Rome’s Tiber River: Is it “safe”?
During a recent visit to Rome, Mary and I needed a break from sightseeing at the popular tourist attractions. To escape the madding crowd we strolled to the historic Tiber River. As I gazed at the scene, I thought about the history this river witnessed through the years. According to legend, the city of Rome was founded in 753 BC on the banks of the Tiber. Rome’s founders, the twin brothers Romulus and Remus, were abandoned on the waters of the Tiber and rescued and suckled by the she-wolf, Lupa. Or so the legend goes.
What I know for certain is that the Tiber runs approximately 400 kilometers (250 miles) from Tuscany through Rome and on to the Tyrhennian Sea at Ostia. Rome grew to become the most important city in the world because of and in spite of the Tiber. Compared to transport by road, the river provided an efficient way to move goods to the city from around the Mediterranean. Because the Tiber is navigable, Rome could be built far enough from the coast to be protected from naval attack or invasion. However, the Tiber frequently flooded the many low-lying areas of the city so in the late 1800s a steep walled embankment was built to tame its flow.
As we approached the bridge near Castel Sant’Angelo, I suggested to Mary that we descend the stone staircase for a close-up look at the famous river. She asked me, “Is it safe?” That got me thinking. What does “safe” mean when speaking about the most important river in central Italy?
Actually I knew Mary was asking about our safety in terms of criminal activity. To get a closer look at the river we would have to leave the crowded sidewalks and plazas and go where few tourists tread. I looked down the steps to assess the situation. Joggers, strollers and an occasional cyclist moved along the paved path next to the river. Everything looked fine. Safe enough for us to explore. Besides, we never felt threatened in Rome at any time. I figured we would be statistically even safer down by the river and away from Rome’s infamous pickpockets. So down we went. And on this day our personal security was never in doubt.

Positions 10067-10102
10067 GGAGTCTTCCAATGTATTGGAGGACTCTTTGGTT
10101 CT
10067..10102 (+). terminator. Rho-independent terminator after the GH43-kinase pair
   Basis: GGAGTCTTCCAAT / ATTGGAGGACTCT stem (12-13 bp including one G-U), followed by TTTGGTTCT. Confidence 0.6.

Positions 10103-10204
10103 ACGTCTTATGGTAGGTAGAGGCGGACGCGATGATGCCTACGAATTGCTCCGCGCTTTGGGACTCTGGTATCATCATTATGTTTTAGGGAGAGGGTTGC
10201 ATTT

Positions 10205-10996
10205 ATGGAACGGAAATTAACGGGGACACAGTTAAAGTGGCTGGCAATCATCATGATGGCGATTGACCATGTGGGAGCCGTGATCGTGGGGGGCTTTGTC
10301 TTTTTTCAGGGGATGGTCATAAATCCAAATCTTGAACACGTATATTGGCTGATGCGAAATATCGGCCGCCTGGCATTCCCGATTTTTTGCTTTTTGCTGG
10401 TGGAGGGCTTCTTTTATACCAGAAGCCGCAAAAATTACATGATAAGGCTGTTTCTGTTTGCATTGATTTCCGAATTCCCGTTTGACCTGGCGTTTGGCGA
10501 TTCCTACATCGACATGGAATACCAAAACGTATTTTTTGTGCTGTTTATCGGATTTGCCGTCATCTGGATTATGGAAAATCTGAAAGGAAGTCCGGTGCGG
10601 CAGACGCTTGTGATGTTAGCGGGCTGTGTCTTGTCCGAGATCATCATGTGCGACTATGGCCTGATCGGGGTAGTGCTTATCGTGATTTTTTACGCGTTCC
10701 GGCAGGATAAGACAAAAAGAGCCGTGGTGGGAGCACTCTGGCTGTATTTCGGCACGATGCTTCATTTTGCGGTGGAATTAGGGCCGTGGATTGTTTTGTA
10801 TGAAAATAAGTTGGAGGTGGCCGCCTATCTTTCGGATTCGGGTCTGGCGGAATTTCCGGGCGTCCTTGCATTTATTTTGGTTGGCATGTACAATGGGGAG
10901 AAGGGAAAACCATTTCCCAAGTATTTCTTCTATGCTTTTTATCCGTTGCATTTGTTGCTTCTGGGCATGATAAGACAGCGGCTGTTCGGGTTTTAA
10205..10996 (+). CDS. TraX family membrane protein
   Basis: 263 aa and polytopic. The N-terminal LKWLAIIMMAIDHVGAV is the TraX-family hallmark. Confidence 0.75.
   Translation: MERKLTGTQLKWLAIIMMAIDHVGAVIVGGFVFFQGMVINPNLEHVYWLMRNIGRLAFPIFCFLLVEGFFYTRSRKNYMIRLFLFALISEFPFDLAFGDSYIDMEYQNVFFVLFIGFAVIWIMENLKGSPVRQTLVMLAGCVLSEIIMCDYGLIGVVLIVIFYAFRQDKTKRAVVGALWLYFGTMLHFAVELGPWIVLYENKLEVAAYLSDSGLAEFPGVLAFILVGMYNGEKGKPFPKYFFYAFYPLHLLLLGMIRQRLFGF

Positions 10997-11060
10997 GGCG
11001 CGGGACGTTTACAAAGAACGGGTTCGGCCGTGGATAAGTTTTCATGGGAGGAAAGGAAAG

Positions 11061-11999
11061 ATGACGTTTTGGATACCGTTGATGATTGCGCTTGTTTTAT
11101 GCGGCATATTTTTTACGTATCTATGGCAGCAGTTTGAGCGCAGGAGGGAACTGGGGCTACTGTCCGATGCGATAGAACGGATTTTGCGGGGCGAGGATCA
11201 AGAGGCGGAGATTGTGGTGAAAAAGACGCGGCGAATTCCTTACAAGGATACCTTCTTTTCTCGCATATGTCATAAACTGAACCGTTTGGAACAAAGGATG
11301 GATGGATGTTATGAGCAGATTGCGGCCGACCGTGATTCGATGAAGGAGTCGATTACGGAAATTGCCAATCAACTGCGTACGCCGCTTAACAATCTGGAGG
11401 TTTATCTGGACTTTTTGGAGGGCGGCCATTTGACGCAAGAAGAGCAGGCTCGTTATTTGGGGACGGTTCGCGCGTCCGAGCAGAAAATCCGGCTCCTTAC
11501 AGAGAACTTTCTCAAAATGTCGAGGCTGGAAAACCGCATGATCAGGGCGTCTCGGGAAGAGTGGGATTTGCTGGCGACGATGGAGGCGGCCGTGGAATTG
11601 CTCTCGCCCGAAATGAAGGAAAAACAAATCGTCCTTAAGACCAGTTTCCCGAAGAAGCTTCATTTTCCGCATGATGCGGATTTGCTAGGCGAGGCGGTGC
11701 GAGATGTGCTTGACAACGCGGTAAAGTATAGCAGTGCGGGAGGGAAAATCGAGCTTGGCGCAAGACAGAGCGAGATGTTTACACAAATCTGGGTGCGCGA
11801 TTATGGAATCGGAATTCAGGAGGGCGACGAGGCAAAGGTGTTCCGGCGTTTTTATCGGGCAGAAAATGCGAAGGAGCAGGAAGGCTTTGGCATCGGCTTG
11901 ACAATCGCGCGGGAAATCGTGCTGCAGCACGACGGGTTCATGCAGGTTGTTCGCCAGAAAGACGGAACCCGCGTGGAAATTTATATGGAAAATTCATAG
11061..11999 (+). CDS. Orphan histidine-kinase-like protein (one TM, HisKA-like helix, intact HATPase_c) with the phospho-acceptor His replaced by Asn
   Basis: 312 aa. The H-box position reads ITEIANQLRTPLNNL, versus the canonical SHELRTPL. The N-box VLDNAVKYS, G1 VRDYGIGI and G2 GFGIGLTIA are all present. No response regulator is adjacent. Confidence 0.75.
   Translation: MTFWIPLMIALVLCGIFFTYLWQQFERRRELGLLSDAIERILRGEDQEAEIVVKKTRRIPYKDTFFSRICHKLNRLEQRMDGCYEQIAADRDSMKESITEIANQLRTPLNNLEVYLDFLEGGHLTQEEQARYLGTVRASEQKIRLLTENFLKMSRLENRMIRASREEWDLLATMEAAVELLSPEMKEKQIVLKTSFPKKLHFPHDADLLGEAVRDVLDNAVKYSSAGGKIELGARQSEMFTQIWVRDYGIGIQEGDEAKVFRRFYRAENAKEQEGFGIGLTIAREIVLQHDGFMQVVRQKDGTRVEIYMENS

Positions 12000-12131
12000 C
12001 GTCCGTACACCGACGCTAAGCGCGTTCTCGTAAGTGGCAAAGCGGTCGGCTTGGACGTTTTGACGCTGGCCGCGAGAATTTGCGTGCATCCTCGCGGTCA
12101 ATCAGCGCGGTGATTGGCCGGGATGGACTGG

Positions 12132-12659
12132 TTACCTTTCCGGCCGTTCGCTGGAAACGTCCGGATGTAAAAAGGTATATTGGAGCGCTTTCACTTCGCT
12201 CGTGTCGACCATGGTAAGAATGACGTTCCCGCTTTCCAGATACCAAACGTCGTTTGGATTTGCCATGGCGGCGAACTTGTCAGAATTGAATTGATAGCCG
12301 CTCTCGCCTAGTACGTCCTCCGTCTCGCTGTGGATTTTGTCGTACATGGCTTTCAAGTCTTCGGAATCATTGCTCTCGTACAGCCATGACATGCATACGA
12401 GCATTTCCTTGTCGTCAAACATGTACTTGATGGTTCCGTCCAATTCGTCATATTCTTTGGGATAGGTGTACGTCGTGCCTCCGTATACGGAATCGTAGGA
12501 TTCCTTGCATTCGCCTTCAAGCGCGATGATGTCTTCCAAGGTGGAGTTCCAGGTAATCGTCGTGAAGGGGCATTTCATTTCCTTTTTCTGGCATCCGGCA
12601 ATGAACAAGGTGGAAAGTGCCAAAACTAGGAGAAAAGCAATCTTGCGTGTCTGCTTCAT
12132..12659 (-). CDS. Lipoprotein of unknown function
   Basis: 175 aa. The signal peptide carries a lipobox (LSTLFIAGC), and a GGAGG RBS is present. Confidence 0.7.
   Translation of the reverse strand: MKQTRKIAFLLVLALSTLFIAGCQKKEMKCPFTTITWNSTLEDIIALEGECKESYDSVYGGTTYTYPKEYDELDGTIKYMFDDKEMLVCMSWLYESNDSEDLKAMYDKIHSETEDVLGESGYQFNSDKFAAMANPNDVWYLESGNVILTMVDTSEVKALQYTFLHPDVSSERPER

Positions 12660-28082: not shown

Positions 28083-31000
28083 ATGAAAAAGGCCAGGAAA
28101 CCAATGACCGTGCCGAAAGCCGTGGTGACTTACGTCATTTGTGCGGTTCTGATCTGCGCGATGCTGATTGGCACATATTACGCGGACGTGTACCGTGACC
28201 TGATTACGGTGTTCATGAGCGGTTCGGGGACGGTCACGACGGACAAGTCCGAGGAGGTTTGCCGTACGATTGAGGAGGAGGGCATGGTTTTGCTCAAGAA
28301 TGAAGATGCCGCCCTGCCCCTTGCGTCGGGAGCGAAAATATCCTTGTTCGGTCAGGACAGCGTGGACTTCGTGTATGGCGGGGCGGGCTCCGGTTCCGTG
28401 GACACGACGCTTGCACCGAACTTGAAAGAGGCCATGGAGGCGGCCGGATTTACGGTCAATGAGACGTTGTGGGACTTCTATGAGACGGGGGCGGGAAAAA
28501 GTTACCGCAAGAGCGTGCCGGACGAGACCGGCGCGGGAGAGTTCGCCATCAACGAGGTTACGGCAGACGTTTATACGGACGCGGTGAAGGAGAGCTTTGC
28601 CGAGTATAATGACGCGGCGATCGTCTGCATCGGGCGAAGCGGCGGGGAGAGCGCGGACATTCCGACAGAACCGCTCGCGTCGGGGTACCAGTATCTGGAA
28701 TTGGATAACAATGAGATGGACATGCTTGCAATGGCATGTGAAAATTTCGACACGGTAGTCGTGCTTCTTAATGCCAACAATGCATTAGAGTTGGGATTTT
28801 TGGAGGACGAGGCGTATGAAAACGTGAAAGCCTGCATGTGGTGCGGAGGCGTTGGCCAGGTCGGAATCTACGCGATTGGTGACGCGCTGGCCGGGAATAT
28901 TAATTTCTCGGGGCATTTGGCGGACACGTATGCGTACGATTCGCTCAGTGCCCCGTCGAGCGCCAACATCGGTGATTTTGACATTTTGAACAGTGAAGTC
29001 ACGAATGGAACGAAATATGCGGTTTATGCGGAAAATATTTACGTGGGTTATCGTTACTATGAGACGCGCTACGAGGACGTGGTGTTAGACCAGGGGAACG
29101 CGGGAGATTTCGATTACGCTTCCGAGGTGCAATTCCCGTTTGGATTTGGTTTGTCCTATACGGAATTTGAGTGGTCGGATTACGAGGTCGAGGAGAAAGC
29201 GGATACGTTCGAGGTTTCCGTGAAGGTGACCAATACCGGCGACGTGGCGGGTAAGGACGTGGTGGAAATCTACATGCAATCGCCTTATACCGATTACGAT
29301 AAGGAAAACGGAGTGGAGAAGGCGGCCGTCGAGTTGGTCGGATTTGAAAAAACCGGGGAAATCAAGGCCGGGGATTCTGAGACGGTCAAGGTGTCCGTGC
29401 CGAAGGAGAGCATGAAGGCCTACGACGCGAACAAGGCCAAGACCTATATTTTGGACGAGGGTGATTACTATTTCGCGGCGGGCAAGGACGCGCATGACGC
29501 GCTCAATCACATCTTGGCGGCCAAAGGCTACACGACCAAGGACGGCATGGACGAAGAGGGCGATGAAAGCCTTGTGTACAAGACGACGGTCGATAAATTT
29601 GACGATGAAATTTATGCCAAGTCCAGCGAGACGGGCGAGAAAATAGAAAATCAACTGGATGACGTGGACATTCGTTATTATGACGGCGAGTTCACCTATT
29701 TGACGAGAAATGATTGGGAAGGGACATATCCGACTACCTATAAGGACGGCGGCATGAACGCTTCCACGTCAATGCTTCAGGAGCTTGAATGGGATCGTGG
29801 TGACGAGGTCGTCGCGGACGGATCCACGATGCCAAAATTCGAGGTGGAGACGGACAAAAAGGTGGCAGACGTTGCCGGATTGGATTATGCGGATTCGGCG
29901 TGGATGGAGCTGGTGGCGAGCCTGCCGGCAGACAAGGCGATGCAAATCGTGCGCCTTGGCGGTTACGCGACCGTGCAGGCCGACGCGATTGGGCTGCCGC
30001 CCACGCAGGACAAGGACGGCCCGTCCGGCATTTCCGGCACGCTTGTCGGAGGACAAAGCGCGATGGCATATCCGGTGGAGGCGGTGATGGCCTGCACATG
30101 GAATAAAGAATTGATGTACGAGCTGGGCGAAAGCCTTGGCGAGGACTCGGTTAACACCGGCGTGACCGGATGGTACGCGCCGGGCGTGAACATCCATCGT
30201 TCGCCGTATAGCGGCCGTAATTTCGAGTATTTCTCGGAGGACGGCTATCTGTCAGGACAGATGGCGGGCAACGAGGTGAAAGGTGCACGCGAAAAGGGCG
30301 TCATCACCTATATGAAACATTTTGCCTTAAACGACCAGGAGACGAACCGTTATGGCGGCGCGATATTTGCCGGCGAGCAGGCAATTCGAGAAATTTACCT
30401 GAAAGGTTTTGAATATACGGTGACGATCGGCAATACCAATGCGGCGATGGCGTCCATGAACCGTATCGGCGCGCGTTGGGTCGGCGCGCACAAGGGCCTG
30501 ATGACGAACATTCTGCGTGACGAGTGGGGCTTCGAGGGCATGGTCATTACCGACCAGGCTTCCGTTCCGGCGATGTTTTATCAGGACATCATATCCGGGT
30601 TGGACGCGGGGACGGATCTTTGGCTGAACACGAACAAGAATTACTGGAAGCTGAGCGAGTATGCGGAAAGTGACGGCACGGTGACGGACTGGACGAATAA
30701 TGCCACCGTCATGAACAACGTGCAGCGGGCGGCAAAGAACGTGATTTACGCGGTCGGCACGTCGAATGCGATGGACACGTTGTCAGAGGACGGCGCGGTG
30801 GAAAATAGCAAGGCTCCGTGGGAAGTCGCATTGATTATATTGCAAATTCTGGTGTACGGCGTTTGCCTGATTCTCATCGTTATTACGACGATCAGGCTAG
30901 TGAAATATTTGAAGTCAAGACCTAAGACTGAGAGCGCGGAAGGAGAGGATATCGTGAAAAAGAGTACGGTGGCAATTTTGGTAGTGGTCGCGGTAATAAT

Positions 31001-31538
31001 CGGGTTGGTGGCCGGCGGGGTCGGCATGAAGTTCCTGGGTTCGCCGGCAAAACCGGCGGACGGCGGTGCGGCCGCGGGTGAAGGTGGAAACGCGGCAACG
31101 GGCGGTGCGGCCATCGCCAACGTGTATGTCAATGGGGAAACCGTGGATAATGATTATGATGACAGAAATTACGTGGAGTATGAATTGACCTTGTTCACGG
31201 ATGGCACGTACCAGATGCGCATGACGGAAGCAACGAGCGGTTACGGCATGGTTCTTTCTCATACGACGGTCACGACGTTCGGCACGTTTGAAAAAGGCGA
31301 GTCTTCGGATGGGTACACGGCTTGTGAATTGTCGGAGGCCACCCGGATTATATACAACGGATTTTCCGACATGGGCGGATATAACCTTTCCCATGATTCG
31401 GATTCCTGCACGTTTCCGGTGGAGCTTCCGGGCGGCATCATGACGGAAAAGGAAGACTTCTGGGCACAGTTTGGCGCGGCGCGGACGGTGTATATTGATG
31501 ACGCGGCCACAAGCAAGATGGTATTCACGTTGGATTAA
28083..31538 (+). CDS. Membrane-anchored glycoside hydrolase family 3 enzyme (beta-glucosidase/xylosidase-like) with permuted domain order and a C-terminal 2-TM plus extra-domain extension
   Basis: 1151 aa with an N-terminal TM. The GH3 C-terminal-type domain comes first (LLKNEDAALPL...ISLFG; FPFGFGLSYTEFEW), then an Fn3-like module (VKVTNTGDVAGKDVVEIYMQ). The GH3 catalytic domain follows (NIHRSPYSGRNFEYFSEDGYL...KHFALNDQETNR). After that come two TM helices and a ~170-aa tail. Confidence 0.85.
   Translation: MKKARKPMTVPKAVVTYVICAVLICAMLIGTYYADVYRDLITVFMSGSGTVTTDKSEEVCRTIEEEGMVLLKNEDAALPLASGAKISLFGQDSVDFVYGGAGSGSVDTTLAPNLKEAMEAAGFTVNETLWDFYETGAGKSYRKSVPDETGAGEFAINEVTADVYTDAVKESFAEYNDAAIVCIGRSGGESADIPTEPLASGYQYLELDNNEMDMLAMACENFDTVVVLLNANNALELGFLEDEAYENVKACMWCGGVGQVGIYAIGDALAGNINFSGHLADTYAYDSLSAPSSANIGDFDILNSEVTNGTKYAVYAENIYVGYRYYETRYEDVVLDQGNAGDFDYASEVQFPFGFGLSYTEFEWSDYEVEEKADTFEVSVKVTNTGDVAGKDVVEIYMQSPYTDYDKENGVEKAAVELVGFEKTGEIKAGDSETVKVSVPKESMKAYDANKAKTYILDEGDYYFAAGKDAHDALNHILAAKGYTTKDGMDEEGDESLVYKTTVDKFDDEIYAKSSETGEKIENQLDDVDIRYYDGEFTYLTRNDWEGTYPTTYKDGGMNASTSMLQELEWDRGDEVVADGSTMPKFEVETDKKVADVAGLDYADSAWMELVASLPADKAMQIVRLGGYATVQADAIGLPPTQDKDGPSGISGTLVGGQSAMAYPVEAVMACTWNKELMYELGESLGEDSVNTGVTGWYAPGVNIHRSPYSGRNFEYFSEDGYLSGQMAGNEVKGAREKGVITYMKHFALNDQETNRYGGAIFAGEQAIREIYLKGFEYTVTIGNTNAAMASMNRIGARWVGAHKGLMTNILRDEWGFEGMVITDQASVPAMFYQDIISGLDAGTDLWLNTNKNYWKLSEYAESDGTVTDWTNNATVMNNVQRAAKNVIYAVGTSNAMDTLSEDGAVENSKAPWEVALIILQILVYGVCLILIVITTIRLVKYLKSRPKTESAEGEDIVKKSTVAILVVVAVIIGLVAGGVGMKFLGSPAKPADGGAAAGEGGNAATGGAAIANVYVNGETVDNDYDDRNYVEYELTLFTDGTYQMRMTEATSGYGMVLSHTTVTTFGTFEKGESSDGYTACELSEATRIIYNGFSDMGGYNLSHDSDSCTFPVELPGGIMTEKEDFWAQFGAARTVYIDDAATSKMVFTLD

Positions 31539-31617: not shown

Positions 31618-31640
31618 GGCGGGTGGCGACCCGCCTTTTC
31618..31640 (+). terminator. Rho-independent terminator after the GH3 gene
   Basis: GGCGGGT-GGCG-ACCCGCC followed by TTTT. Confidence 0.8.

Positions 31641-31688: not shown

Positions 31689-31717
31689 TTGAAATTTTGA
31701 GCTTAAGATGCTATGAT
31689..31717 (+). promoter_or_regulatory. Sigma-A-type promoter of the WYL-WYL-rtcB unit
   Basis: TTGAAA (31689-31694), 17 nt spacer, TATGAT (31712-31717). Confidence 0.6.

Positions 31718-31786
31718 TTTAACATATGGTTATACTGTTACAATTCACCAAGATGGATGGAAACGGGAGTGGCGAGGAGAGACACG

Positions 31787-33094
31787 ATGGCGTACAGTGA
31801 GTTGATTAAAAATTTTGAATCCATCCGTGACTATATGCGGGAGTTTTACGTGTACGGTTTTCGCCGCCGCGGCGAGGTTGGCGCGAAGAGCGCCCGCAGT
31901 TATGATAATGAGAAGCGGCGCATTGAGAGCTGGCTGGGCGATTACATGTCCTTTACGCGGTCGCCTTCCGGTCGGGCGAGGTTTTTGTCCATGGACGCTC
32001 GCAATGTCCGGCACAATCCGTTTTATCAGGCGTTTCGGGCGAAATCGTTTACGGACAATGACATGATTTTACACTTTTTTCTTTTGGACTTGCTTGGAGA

In terms of hygienic safety, I knew we would be okay as long as we didn’t touch the water. Or, god forbid, drink it. The waters of the Tiber have not been drinkable for centuries. During the Roman Empire, water from the river Tiber was badly affected by pollution and waterborne diseases. Beginning in 312 BC, the Romans devised a system of great aqueducts to convey pure sources of water from the distant hills and mountains. Unfortunately for the Romans, the aqueducts eventually became their Achilles heel. All it took to bring down the city was to knock out one of the arches. And that’s just what the Barbarians did in the 6th century. Without drinking water the city, that during the height of the Roman Empire housed more than one million people, became uninhabitable.
As we ambled along the river, a third type of safety I pondered was recreational. Here in the city, the strong current of the Tiber makes it dangerous. And near Tiber Island, logs and other debris don’t escape the relentless grip of a low-head dam. They say Lake Superior never gives up her dead. Similarly, the low-head dam at Tiber Island, like similar structures everywhere, never seems to give up her debris. The regurgitating logs and plastic bottles serve as an ominous warning to anyone considering paddling or swimming the river.
The only watercraft we saw were cruise boats which stayed safely away from the Tiber Island dam. Paddlers do occasionally use the river for supervised activities such as the 2012 ICF Canoe Marathon World Championships.
So is the Tiber safe? Short answer: It depends.
Safe to view? Absolutely.
Safe to paddle? Possibly, if you know what you’re doing and have local experts to guide you.
Safe to drink? I’ll pass.